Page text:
While watching the Lion King last night, I couldn’t help but think of Simon Sinek’s quote, “There are leaders and then there those who lead.” It’s like the old leadership proverb, “He who thinks he leads, but has no followers, is merely taking a walk.”
For those unfamiliar with the story, Scar is the disgruntled brother of the king. In his scheme to take over the kingdom, Scar tries to kill his brother and his nephew at the same time (Simba, the heir). During Scar’s brief reign, everything falls to pieces: the herd leaves, there’s no food, the once-fertile earth is barren.
So what kind of important lessons does this show us?
- Leadership is not based on position: When Scar was elevated to the position of king of pride rock, he thought everyone would follow him and obey his commands. In fact, even though the pride of lions accepted his position, his poor decision making and lack of influence prevented them from accepting him as a leader.
- People don’t care how much you know unless they know how much you care: The other lions preferred to starve than to serve – they felt betrayed. The only people that supported Scar were the hyenas because they thought that he was their friend. However, once they saw his true colors, they turned on him as well.
- Leaders know who they are: Not even Simba’s best friend and love interest could convince him to return and lead. Simba needed to remember who he was. People can’t lead from a position of insecurity or fear (like Scar), they can only lead effectively when they understand their position and influence (like Mufasa).
- The past should provide a lesson, not a crutch or a prison: Too often, organizations have a romanticized notion of the past and believe that their legacy ill ensure future success. The other extreme is holding onto a past failure as an excuse to take risks. Simba refused to go back to Pride Rock because he was afraid of confronting his past, which was detrimental to his organization. On the other hand, Scar assumed that by maintaining the status quo, things would eventually improve or the problems would disappear. Both were wrong.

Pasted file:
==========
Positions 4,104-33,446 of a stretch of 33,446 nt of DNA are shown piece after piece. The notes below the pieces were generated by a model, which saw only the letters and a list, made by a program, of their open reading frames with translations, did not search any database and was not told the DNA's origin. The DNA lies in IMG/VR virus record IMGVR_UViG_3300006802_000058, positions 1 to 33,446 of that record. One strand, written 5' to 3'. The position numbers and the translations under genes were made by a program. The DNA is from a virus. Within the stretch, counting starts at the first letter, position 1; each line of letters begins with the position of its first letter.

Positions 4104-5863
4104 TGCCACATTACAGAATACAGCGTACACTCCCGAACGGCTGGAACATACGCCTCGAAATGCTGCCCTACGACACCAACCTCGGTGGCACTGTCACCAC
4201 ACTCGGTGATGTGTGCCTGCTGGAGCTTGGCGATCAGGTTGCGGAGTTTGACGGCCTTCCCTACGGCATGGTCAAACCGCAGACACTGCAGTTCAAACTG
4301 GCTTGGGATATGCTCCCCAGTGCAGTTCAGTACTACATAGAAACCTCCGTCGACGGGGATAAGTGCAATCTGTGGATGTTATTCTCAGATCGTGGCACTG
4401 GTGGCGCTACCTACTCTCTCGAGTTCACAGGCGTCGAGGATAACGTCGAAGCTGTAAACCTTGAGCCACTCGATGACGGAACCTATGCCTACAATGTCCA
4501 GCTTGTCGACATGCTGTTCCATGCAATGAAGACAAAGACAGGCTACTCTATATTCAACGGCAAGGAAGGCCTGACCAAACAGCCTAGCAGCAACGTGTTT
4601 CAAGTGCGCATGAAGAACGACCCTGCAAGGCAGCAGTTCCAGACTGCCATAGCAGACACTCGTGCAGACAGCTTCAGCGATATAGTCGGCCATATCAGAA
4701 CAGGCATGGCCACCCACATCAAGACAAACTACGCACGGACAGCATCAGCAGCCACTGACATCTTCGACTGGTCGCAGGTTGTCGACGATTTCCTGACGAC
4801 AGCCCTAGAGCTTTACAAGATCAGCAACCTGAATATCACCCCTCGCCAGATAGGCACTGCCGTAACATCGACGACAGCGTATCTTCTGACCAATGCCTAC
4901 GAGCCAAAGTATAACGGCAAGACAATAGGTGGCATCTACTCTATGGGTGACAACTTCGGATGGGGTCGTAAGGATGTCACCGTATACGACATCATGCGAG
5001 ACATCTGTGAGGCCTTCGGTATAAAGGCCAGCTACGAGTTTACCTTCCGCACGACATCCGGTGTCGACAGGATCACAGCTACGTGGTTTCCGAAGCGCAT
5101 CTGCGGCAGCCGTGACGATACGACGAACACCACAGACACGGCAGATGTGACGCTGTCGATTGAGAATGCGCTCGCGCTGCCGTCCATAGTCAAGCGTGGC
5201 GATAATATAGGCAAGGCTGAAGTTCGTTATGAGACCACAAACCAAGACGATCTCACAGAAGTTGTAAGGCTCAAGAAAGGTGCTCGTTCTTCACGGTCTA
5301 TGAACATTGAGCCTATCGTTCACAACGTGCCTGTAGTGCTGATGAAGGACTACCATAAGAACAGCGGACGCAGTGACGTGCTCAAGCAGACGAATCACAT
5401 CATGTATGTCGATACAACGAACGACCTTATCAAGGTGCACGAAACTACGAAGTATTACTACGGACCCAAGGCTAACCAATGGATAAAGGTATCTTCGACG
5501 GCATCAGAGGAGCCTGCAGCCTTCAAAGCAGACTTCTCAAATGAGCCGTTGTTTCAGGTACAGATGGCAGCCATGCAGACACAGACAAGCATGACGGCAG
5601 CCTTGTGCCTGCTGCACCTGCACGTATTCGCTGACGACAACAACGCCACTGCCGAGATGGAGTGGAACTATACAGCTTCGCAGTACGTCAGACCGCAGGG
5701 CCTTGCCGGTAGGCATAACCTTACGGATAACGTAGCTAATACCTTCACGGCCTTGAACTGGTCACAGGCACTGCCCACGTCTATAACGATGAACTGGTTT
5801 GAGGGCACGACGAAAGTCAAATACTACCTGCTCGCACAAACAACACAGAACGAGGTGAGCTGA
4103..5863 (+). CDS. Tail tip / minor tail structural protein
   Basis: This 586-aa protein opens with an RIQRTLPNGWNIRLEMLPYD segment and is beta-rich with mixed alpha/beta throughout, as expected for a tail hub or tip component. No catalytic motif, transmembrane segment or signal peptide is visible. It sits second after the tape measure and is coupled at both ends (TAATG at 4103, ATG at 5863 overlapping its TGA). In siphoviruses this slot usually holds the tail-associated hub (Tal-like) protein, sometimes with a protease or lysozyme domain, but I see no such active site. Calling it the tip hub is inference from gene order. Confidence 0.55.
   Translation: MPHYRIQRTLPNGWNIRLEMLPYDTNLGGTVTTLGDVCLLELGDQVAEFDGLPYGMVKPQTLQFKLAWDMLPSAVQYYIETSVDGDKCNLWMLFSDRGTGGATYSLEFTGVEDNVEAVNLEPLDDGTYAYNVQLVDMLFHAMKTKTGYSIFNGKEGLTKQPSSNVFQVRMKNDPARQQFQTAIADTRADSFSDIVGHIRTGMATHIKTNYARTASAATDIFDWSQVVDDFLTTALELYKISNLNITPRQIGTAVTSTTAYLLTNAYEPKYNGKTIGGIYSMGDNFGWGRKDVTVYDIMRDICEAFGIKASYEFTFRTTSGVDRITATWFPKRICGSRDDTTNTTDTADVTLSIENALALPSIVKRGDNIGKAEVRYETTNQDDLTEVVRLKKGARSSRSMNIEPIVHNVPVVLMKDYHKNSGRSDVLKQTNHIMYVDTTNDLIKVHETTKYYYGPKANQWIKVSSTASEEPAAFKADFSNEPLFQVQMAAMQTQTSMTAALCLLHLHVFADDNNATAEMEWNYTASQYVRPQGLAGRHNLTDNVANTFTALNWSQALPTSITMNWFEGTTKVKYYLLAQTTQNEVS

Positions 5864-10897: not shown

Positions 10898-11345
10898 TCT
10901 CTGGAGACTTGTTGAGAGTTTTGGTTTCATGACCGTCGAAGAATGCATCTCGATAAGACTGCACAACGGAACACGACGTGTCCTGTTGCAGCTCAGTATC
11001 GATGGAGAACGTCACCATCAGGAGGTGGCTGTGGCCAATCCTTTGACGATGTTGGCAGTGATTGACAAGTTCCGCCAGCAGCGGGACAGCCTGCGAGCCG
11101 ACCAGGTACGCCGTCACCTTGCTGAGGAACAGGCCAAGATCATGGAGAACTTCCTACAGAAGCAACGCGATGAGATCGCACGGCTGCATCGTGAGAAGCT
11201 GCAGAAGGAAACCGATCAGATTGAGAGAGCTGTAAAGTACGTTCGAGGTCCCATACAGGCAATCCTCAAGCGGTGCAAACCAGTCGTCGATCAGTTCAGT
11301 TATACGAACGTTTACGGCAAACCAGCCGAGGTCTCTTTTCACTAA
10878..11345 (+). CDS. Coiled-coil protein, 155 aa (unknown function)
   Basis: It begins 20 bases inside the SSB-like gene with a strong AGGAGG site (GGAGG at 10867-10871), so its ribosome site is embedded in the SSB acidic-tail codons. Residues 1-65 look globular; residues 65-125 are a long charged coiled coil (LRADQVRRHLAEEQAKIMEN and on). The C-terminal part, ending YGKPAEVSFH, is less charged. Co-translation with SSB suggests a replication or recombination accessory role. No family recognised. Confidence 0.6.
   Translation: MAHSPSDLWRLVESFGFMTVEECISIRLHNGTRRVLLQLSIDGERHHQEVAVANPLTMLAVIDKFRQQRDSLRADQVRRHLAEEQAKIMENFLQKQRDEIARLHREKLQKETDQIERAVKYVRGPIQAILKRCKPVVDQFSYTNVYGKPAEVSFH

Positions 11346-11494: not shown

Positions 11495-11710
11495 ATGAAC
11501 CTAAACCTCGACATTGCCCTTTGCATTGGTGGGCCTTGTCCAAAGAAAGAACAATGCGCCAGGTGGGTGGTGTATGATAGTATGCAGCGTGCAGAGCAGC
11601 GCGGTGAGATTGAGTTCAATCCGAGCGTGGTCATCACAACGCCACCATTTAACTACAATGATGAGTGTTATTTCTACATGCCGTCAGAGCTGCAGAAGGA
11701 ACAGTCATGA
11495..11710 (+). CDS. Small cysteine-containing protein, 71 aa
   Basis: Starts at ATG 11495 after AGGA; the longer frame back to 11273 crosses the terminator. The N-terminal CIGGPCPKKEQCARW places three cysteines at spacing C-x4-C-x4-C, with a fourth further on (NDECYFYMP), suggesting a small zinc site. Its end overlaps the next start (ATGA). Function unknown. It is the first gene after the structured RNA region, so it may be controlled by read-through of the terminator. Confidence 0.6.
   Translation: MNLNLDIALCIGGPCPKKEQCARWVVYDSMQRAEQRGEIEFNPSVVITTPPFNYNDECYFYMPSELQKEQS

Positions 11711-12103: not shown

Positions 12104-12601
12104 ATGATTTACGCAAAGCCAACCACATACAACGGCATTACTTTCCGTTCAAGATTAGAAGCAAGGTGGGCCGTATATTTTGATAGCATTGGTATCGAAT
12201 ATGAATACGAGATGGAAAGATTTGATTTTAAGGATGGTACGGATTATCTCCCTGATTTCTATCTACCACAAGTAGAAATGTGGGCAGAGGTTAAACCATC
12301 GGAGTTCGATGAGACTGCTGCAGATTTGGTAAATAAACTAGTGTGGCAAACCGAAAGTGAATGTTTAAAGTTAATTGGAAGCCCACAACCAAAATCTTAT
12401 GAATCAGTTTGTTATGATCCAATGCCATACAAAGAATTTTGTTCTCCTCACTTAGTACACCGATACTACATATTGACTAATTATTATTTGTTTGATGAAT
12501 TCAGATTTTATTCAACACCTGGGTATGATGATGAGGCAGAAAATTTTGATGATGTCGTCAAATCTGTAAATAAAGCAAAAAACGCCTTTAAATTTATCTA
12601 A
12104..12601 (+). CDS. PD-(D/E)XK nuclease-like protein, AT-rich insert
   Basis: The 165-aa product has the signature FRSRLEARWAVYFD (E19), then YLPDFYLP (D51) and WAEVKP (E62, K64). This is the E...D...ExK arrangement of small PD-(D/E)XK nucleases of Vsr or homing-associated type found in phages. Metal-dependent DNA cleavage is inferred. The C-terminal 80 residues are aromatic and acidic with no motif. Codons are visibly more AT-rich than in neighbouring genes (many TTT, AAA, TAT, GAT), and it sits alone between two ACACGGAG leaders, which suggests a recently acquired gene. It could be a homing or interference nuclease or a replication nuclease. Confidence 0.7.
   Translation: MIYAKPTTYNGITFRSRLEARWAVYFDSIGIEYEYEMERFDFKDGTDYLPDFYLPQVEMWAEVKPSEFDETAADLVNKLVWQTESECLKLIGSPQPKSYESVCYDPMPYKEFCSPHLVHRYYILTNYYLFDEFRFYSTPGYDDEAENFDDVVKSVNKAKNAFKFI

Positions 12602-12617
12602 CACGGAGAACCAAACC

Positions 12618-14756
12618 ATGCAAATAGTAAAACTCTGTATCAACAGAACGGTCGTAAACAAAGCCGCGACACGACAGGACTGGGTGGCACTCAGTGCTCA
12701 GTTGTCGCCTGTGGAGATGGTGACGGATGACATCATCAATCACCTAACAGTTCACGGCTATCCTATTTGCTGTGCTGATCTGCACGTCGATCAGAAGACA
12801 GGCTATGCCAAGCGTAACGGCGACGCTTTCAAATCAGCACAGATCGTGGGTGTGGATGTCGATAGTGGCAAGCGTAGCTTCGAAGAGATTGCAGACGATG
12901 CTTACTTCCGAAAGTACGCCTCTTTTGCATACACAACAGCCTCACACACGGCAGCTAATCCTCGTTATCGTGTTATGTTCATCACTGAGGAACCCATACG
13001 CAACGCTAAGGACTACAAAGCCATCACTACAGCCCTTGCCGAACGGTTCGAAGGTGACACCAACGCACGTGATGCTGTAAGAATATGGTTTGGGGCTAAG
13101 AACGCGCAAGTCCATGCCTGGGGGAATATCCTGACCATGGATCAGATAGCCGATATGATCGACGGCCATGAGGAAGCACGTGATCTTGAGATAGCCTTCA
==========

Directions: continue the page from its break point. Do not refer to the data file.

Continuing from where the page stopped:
- Leaders must be learners: Simba only grew as a leader when he was willing to learn from others – from his father, from Rafiki (the bamboon), and Zazu (the hornbill bird). Leadership is learned daily, not in a day. True leaders commit to perpetual growth, discovery, and learning.
As I was watching this, I couldn’t help think of how much our idea of leadership has been created through archetypes presented in mythology, religion, children’s stories, and legends. In many ways, I believe that we instinctively grasp who great leaders are, even if we don’t instinctively know how to become great leaders ourselves. Perhaps consciously reflecting on these stories can help get us a little closer. If anything, at least it is entertaining.